Campbell Brothers Confusion Hill

Campbell Brothers Confusion Hill Gravity House

When road tripping, the roadside attractions are where it’s at for me and the funkier and weirder, the better. I love that stuff and Brian humors me as much as he can while still getting us to our destination on time. I discovered Confusion Hill during my pre-road trip research and it immediately went on my must-visit list (and Brian just rolled his eyes).

Since 1949 Confusion Hill has been welcoming curious visitors to visit the World Famous Gravity House, ride the mountain train, and explore the funky, family-friendly, roadside attraction in the beautiful Northern California Redwoods.

When you think of roadside attractions and roadside oddities, Confusion Hill is exactly what you wish it would be — funky, strange, cheesy, kitschy, over-the-top, ridiculous, and jam-packed with weird stuff everywhere. There is also a seasonal Snack Bar, a playground, majestic Coastal Redwoods, hands-on optical illusions that play on magnetism and gravity, and even a mystical creature called the chipalope.

In the middle of the parking lot, the world’s tallest freestanding redwood chainsaw carving, featured in Ripley’s Believe It or Not, greeted us. This totem of stacked bears started as a more than 40 foot tall dead redwood. Scaffolding was erected around it and an artist spent three months carving it. While there are larger totem poles, they were laid down to carve and then raised back up.

We then passed the bright red, storybook Redwood Shoe House, originally built in 1946 as a float in Fort Bragg’s Fourth of July parade. Today it stands out front to greet children of all ages while parents try to figure out where to go first!

To visit the World Famous Gravity House and ride the miniature mountain train, we had to visit the Gift Shop to buy tickets. Holy moly! The Confusion Hill Gift Shop is stuffed full (every nook-and-cranny is stuffed full) of local hand-crafted redwood items, toys, gifts, souvenirs, old signs, and again, weird things.

After snagging our tickets, we headed over to the Gravity House to see what this mysterious phenomenon was all about, but then we heard an announcement over the loud speaker that the train was about to leave the station and decided to ride the train first!

Mountain Train Ride

The Confusion Hill Mountain Train travels 30 minutes on 1.5 miles of 20 gauge track and uses use a unique Alpine switchback system to ascend the hillside.

The four of us squeezed in the bright red mountain train and met the Engineer, a big, tattooed, burly fellow wearing denim overalls and no shirt. He was exactly what you hoped for at an attraction like this — weird, entertaining, funny, and very friendly.

Throughout our train ride through towering redwoods, tan oaks, fir, and madrone trees, as traveled through a redwood tree and around the hilltop, he told us about the characteristics of coastal redwood trees and the historical logging equipment on display. He also cracked jokes, shared his comical political opinions, and even opened fire on us with a squirt gun!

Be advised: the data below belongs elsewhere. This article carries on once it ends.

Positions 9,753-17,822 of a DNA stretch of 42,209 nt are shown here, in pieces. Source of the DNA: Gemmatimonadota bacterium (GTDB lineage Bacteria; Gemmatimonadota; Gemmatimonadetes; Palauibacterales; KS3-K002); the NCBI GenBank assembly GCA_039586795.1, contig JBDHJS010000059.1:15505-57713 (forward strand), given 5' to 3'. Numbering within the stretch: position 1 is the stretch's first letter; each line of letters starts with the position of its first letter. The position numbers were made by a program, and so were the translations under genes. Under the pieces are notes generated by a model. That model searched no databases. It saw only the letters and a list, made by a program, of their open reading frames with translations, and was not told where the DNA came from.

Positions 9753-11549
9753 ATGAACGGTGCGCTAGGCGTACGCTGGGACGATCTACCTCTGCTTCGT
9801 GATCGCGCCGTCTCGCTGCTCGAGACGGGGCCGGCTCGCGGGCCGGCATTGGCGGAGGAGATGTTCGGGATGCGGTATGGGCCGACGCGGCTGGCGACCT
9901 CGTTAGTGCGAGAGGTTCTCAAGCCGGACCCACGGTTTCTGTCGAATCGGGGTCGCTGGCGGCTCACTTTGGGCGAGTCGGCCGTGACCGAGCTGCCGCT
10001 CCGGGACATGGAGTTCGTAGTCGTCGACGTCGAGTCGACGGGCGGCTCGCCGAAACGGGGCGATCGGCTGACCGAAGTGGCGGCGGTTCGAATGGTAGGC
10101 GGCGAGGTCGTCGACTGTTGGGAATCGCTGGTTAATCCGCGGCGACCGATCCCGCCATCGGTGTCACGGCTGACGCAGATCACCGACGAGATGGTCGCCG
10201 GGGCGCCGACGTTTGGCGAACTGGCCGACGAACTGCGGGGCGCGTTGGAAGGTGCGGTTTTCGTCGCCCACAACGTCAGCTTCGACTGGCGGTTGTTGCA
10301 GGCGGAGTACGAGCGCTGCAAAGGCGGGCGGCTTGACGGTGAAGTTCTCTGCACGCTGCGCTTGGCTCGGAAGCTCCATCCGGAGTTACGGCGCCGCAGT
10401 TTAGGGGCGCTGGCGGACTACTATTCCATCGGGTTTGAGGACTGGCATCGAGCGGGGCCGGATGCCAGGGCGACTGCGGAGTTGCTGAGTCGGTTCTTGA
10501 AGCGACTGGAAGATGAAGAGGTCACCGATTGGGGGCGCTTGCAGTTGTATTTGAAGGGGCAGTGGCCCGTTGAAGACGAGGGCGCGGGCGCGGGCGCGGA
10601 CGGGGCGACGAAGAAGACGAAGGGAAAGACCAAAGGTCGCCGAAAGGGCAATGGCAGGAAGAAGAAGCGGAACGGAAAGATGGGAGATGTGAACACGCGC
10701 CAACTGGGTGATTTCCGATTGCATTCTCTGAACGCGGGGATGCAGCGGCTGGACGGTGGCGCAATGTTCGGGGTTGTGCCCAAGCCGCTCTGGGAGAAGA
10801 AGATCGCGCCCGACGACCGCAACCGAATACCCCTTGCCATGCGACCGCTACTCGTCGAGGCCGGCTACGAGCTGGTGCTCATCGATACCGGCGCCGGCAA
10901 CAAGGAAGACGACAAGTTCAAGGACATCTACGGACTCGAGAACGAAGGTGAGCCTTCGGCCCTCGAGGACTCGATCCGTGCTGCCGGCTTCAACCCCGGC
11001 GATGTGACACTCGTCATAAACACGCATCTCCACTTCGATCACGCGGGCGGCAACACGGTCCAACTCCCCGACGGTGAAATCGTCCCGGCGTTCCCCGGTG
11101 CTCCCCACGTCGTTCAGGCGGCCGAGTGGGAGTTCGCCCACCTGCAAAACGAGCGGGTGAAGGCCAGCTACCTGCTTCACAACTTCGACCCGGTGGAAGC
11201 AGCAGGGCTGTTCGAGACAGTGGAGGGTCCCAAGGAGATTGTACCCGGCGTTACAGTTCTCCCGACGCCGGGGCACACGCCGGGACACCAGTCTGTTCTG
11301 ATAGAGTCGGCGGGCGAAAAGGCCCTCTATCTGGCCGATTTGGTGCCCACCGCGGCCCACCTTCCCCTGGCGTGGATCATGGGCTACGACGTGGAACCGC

We were cracking up the whole time at the ridiculousness of the train ride. It definitely is the most entertaining train ride we have ever done!

Up next was the mysterious vortex known as the Gravity House…

Gravity House

At the Confusion Hill Gravity House, gravity is wonky and you experience optical contradictions and odd physical sensations that totally confuse your senses.

The minute you step inside the door to the Gravity House, everything feels off. The structure is built to give interior visitors tilt-induced optical illusions, and when inside, you’ll experience the need to stand upright when you already are.

The sensation of standing inside the Gravity House was uncomfortable and weird. It felt like we were about to fall over, but we were really standing up straight. While I was able to snap some photos of the kids and Brian, I did it quickly and got the heck out of there because it was making me feel nauseated! Brian, Natalie, and Carter however, had fun exploring the Gravity House and the different “experiments” you can do inside to see gravity in action.

Know Before You Go

Dubbed a California State Point of Historical Interest in 2010, Confusion Hill is similar to the Oregon Vortex and the Santa Cruz Mystery Spot.

  • Campbell Brothers Confusion Hill is located at 75001 US Highway 101, Piercy, California 95587 in Humboldt County. It is 3.0 miles South of the Highway 101 Piercy/627 exit and across the highway from the Redwood River Resort.
  • The Confusion Hill Gift Shop and Gravity House are open 365 days a year from 9:00 am to 6:00 pm in the summer and from 9:00 am to 5:00 pm in the winter.
  • Cost for the Gravity House is $5.00/adult, $4.00/kids ages 4-12, and free for children ages 3 and under.
  • The Train and Snack Bar are seasonal and open Memorial Day through Labor Day.
  • Cost for Train Rides is $10.00/adult, $7.50/kids ages 4-12, and free for children ages 3 and under. The train requires a minimum of four paying customers to leave the station.
  • Confusion Hill was originally built by George Hudson in 1949. It was purchased by the Campbell family in 1999.
  • In January, 2010, Confusion Hill was recognized as a California State Point of Historical Interest.
  • In 2016, Alex Hirsch, creator of the television series Gravity Falls, installed a statue of series villain Bill Cipher at Confusion Hill, after it was removed from its initial home of Reedsport, Oregon.

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